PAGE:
“I guess we don’t do as well as the place around the corner or the place down the block. And I woulda brought you my quarterly numbers, but I’m a bit bogged down at the moment.”

We were four questions in. It was the earliest I’d ever circled TERMINATE. Al was a dud. Basically dead the second he’d walked in and he hadn’t a clue. He couldn’t challenge the other car repairmen from his neighbourhood that we’d recently interviewed. Those who came in dressed in fine suits singing about their solid mental health and flourishing businesses. Some of them claiming to moonlight as overnight barmen or farmhands.

I glanced at Joe’s paper. He’d also already circled TERMINATE.

Al chose electrocution. I didn’t feel bad for him. I rarely did that first year.

~ ~ ~

My boy Lucas had his first and only interview just after turning nineteen. He wasn’t supposed to have it till twenty-five. Standard age for anyone’s first interview back then, apart from the ones born blind or dummies or cripples. Those kids never stand much of a chance. They’re just born messed up basically with TERMINATE stamped on their foreheads.

I’d been told that when Lucas did have his first interview, they would go easy on him. Piece of cake, in and out. But then he went and attended a rally the day after his birthday party. What a trailblazer that child of mine was. Woke up at nineteen and thought: time to wreak havoc. Even though I’d told him time and time again: no protests, no speaking out.

It was an anti-abortion rally outside city hall. I guess Lucas and his buddies disagreed with a lot, so a few of them strolled over with picket signs that said No More Forced Abortion! and We Can Have Two Kids If We Damn-Well Please! They threw bottles and cussed a lot. It was surprising that they weren’t detained right then and there. He came home with a bunch of socialism logos drawn on his arms, and he looked at me and went, well why was it okay for you to have two kids but I can’t? I told him the truth, which was that it had been a lot different even then. You could go see a sold out movie and not have to sit on your husband’s lap while your son and daughter both sat on your lap. You could work your job without worrying as much about competitors everywhere. You could still catch glimpses of the sun because the sky wasn’t entirely overrun with condos. There weren’t quite too too many people yet, and there were more resources to go around for everyone, and there wasn’t as much to worry about. Simple.

That’s bullshit, he’d said.

I just shook my head. He didn’t understand. Some people never do.

I knew what the protest meant for him. Sure enough the next day I got a call from my boss, Castillo. Did you see your son at the protests? I said yes. You know what this means right? I said yes. Can he come in tomorrow morning? And make sure he looks decent so he at least has a shot. I said will do. We hung up, and I thought maybe if Lucas was an environmental scientist or a farming/industrial expert instead of an aspiring poet, he would survive. But there was no use for an unestablished poet, or really just a poet in general.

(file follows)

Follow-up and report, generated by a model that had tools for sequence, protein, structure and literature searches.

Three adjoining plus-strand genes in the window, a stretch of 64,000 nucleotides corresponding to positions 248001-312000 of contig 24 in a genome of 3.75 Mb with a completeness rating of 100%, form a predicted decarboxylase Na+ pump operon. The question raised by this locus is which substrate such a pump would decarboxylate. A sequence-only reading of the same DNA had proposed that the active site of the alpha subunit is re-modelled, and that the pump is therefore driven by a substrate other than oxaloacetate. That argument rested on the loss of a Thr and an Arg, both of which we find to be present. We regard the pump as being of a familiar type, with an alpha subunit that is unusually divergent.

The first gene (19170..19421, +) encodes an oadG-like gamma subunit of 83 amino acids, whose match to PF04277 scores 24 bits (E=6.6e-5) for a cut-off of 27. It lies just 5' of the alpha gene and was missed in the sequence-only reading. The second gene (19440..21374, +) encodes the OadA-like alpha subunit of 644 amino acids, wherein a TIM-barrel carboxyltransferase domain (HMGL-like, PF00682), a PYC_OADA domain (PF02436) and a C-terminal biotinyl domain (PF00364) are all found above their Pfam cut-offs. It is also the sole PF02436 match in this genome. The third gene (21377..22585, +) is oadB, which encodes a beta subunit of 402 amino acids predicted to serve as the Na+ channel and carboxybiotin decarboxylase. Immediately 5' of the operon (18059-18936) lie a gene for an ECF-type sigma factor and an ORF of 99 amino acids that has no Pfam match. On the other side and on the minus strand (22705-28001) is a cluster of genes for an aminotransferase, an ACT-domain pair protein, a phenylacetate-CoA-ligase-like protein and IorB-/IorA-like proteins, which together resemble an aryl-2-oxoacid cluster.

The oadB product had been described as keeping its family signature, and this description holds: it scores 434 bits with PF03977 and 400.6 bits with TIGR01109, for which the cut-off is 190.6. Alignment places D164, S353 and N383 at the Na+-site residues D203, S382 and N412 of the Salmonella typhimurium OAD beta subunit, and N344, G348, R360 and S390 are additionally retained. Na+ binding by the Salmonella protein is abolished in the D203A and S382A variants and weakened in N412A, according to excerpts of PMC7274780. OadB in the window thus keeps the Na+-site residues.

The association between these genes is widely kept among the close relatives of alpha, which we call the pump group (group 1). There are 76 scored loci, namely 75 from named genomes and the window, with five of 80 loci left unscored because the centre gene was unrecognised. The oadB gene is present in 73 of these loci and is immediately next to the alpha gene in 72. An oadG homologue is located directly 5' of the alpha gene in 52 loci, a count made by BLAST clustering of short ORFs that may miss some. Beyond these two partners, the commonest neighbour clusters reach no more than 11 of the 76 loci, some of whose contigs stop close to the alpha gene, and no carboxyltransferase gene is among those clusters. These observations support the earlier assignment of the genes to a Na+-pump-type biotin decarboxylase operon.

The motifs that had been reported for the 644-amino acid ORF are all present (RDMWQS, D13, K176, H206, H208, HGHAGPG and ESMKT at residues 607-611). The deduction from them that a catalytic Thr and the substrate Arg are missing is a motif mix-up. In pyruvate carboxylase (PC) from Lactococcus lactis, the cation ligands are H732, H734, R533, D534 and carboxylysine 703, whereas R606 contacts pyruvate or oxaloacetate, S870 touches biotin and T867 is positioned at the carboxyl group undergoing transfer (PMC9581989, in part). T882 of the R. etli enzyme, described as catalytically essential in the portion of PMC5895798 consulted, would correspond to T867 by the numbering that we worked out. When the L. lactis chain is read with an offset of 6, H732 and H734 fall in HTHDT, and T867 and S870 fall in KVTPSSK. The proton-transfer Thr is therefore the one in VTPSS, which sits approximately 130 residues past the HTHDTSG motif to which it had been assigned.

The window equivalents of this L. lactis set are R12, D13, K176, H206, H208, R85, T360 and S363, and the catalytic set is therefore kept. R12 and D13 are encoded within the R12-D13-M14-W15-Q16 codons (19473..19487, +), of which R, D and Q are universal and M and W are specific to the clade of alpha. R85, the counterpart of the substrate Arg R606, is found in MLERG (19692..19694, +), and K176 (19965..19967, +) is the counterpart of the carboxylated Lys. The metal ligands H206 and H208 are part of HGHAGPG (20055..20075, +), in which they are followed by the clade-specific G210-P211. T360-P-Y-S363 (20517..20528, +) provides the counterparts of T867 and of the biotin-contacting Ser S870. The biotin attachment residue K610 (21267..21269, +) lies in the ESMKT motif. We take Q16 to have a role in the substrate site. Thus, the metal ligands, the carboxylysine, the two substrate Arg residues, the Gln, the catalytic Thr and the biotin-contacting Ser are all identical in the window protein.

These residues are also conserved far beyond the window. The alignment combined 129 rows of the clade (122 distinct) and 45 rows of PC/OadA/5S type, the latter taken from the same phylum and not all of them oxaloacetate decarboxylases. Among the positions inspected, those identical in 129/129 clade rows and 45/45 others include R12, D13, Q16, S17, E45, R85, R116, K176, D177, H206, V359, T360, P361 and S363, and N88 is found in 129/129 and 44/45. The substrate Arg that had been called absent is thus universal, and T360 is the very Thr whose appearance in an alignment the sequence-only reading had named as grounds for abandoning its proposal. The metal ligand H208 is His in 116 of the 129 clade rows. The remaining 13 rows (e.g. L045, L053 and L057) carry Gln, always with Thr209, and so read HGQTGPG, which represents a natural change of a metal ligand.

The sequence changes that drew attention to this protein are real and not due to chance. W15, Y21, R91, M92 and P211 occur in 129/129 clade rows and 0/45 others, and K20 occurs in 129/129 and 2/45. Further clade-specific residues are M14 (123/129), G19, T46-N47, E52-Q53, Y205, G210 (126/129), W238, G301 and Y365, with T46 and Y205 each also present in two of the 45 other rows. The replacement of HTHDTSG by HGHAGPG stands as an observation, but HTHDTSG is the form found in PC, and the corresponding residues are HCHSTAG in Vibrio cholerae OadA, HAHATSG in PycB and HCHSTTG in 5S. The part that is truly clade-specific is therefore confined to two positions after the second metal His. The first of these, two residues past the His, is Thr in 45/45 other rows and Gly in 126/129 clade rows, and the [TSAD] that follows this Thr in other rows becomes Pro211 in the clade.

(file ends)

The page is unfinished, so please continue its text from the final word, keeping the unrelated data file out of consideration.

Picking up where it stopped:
Castillo let me stand behind the mirrored wall to watch the interview. It went poorly. Lucas had dressed like a hobo despite my telling him to wear a tie. And right before he went in he scribbled on his cheeks the words SCREW THE MAN in black Sharpie.

The guys interviewing him were tough. They reminded me of Joe.

“Hi Lucas. Start by telling us your three strongest traits benefiting society.”

Lucas was silent for a bit. Then he laughed and said:

“Screw your mother. Screw your mother. And screw your fathers.”

The men checked some boxes and I pictured Lucas being incinerated.

“Okay. Next question. What are your plans for a future career?”

“Screw your children and your siblings too!”

I wondered, would he give me the same answers if I was the one interviewing him? Because saying screw your children meant he was basically saying screw his own sister. Or would he just say screw you, directly to me? Then I thought, does he hate what I do for a living? He’s never really brought it up. And I know I only see him max an hour per day because I’m always stuck in traffic. But still, you’d think he would’ve mentioned it once or twice.

At the end of the interview both men circled TERMINATE. His father came and said goodbye that evening. His sister was busy studying. Lucas chose the guillotine. I went to watch, and before the blade dropped Joe noticed both of my hands shaking and told me to stop. This shouldn’t bother you this much, he’d said. I remember thinking, you’re right Joe, this is our normal and will continue to be our normal. So I tried my best to get my hand to stop shaking.

~ ~ ~

After Lucas, maybe I softened a bit. But only the smallest possible bit. Like sometimes I’d look over at Joe’s sheet and see that he’d circled TERMINATE while I’d circled FIVE MORE YEARS. And sometimes I’d get embarrassed and wonder if I wasn’t hardcore anymore on account of having seen my nineteen-year-old son with his head chopped off. You know how many heads I’ve seen roll? You know that throughout most of our lives these days we’re taught not to get comfortable around anyone? So what the hell was my problem?